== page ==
And if you like his character, it's pretty much the only reason to check out the "unrated" cut, as it provides him with a better introduction in a brief scene before he interrogates Jamie. Otherwise, stick to the theatrical version, as the other extensions largely amount to CGI tongues coming out of Mary Shaw, an idiotic device that looks terrible, not to mention completely throws off the film's 60s horror aesthetic.

Finally I want to talk about the twist for a bit, as on repeat watches I almost feel stupid for not catching at least the first part of it on my initial viewing. It's remarkable how they practically spell it out for you (notice Amber Valletta's position during the two big scenes with Bob Gunton) and yet it still caught me off guard. Sure, the rapid-fire Saw-style flashback montage feels a bit forced (with Charlie Clouser's music - otherwise incredible - sounding very close to "Hello Zepp" to boot), but it reiterates that they weren't cheating even in the slightest - a terrific bit of misdirection that befits the storyline.



SAM: I still remain baffled by the razor. It's so funny, yet who's stubble is like that? Is he just constantly paranoid he missed a spot?

With the twist, I think "misdirection" nails it. You don't feel cheated or that someone pulled a fast one, just that it's well constructed, and both a fun and really nasty reveal at that. The further exploration of the twist however is really the film's big misstep. You mention the Saw-style flashback. I think it kills the vibe even more than the CGI tongue (which while goofy, I don't hate). Thankfully, the portraits and closing of the book kind of brings it back in at the end.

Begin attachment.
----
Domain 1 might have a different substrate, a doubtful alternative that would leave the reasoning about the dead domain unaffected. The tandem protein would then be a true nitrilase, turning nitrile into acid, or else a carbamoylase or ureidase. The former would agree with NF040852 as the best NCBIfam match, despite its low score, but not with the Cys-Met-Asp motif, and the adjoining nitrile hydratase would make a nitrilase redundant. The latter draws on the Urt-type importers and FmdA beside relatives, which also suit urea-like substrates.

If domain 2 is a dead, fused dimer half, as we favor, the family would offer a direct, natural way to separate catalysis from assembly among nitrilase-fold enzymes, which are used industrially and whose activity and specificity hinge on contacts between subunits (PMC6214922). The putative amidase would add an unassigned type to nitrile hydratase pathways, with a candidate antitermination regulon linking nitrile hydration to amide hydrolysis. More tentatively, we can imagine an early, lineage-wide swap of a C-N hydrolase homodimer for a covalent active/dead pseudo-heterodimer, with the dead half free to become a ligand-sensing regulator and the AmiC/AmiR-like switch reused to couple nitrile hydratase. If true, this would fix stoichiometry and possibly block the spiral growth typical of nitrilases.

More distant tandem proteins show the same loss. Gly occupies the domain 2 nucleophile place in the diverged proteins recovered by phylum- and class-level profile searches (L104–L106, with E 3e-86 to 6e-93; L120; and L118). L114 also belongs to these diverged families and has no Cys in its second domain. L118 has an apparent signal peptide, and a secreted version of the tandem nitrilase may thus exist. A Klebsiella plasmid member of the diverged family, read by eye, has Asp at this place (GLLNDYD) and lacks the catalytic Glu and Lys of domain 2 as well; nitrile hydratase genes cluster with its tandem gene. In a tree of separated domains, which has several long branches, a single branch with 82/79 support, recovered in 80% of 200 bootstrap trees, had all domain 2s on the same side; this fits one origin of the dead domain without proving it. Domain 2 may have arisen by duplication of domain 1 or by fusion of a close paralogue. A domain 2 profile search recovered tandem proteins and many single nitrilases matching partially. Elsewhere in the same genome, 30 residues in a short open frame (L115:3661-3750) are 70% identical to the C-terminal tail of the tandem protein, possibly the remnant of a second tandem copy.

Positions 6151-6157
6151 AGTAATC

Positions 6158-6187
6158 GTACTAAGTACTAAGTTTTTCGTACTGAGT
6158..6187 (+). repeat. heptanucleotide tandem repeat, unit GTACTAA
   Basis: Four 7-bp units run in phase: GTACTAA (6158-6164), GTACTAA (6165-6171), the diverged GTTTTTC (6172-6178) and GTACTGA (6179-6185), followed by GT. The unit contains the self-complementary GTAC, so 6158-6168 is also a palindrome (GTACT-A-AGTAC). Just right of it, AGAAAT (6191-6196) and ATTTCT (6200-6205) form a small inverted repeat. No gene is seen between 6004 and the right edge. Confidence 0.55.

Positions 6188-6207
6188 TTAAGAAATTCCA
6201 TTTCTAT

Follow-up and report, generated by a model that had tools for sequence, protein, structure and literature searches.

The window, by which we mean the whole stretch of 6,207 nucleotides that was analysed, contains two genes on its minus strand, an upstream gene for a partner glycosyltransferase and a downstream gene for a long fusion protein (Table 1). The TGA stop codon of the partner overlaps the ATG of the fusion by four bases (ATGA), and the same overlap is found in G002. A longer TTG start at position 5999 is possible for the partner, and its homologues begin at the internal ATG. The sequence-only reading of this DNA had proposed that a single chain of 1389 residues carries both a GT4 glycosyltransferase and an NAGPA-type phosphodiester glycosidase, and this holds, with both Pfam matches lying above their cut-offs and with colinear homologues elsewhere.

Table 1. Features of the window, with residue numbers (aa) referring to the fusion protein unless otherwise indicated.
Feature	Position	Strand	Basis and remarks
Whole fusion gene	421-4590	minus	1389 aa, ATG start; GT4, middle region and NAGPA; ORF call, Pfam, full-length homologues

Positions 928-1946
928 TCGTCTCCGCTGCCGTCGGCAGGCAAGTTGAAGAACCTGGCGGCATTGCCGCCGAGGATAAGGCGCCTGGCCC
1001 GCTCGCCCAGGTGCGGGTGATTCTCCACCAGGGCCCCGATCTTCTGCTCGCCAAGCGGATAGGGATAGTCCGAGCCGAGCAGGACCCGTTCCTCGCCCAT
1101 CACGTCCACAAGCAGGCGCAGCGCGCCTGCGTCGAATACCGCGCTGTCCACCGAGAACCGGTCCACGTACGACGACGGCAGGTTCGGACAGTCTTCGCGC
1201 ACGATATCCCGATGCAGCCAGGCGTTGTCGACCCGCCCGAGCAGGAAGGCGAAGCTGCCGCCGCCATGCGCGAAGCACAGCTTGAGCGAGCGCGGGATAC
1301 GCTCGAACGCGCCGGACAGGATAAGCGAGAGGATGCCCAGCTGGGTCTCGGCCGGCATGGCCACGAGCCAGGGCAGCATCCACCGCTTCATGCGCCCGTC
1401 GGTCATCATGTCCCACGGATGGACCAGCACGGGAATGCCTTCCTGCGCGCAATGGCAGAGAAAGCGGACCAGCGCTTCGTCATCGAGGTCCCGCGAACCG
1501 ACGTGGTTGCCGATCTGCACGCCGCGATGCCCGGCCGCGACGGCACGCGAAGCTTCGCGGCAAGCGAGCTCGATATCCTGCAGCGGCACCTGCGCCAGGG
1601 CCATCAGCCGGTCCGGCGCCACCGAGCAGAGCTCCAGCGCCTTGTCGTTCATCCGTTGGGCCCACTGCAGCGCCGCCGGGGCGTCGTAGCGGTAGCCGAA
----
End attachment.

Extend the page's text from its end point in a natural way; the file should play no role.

BC: Yeah, it's all wrapped up nicely, and no sequel (though a prequel about one of the other dolls back in the day, helping to wipe out Raven's Fair, could be a lot of fun).

Sam I want to thank you for joining me once again to honor one of these little gems that either inspire unnecessary rage or simply didn't catch on as well as they should. It's sad that it won't be the last - in a perfect world, everyone would be as wise to these movies as we are!

SAM: Thanks again for having me. While certainly not as reviled as Book Of Shadows, Dead Silence is a little underseen. It's such a fun "scary story" of a movie and the beginning of a path that James Wan is just mastering.

The Conjuring hits theaters this Friday. Dead Silence is readily available on disc and demand services (no Netflix Instant as of this writing, sadly). Still no Blu-ray in Region 1, but you CAN come over to my place and watch it on HD-DVD (!). It's the look and sound of perfect!

*Sam didn't join me for the My Soul To Take article itself, but he is a fellow defender who I consulted with quite a bit during its writing.

Brian Collins's photo About the Author: Brian, aka BC, has been watching horror movies since the age of 6, and twenty years later decided to put it to good use, both as a writer for Bloody-Disgusting as well as launching his own site, Horror Movie A Day, which Roger Ebert once read and misunderstood the points that were being made.